Know your onions

30th January 2013

Three-cornered Leeks Allium triquetrum

This is a patch of Three-cornered Leeks or sometimes called Three-cornered Garlic Allium triquetrum is one of several wild “onions” growing in the UK.  This one is thought to be an introduced species from southern Europe and is generally found in the southwest and along the south coast but there are populations around London and the home counties.  It certainly seems to be very localised, and the few colonies that I’m aware of locally do not seem to be spreading.  You generally find it like here on roadsides, field edges, woodland and along hedge banks.

This particular patch seems quite late compared to other reports I’ve had from around the country, where in some areas it has already been producing flowers, even before Christmas. It is not particularly tolerant of frost or wet summers so the weather in this area over the last 6 months may account for that.

The easiest time to spot it, is when it’s flowering as the snow white, drooping bell shaped flowers stand out against the bright green leaves. It is quite distinct from Ramsons A. ursinium and looks almost like a white Bluebell.  The flower stem has a triangular cross-section, hence the name and the leaves are narrow often with a distinct “keel” down the middle.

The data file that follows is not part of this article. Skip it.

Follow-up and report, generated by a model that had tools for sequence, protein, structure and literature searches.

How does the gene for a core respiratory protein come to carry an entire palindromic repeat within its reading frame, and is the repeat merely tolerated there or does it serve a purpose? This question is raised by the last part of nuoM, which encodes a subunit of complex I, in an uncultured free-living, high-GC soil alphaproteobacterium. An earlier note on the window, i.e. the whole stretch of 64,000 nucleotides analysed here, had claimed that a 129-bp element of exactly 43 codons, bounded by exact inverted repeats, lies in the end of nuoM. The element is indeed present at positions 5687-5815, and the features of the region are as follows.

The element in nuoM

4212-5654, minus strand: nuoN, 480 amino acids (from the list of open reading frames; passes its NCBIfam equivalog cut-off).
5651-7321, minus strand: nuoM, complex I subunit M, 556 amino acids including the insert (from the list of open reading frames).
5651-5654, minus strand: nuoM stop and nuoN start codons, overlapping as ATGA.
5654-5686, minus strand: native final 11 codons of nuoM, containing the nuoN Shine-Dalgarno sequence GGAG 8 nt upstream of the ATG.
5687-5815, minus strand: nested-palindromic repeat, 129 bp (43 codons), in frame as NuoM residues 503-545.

The garlic smell is often what gives it away and certainly aids its identification, however taste wise it is much milder than Ramsons and is more akin to spring onions.  It is certainly mild enough to use raw in salads, but when in abundance use the leaves chopped as a direct replacement for onions although you need quite a lot as it reduces alot during cooking. We use it with Dandelions, Bramble, and Nettles to create  fried spring greens.

Kev Palmer


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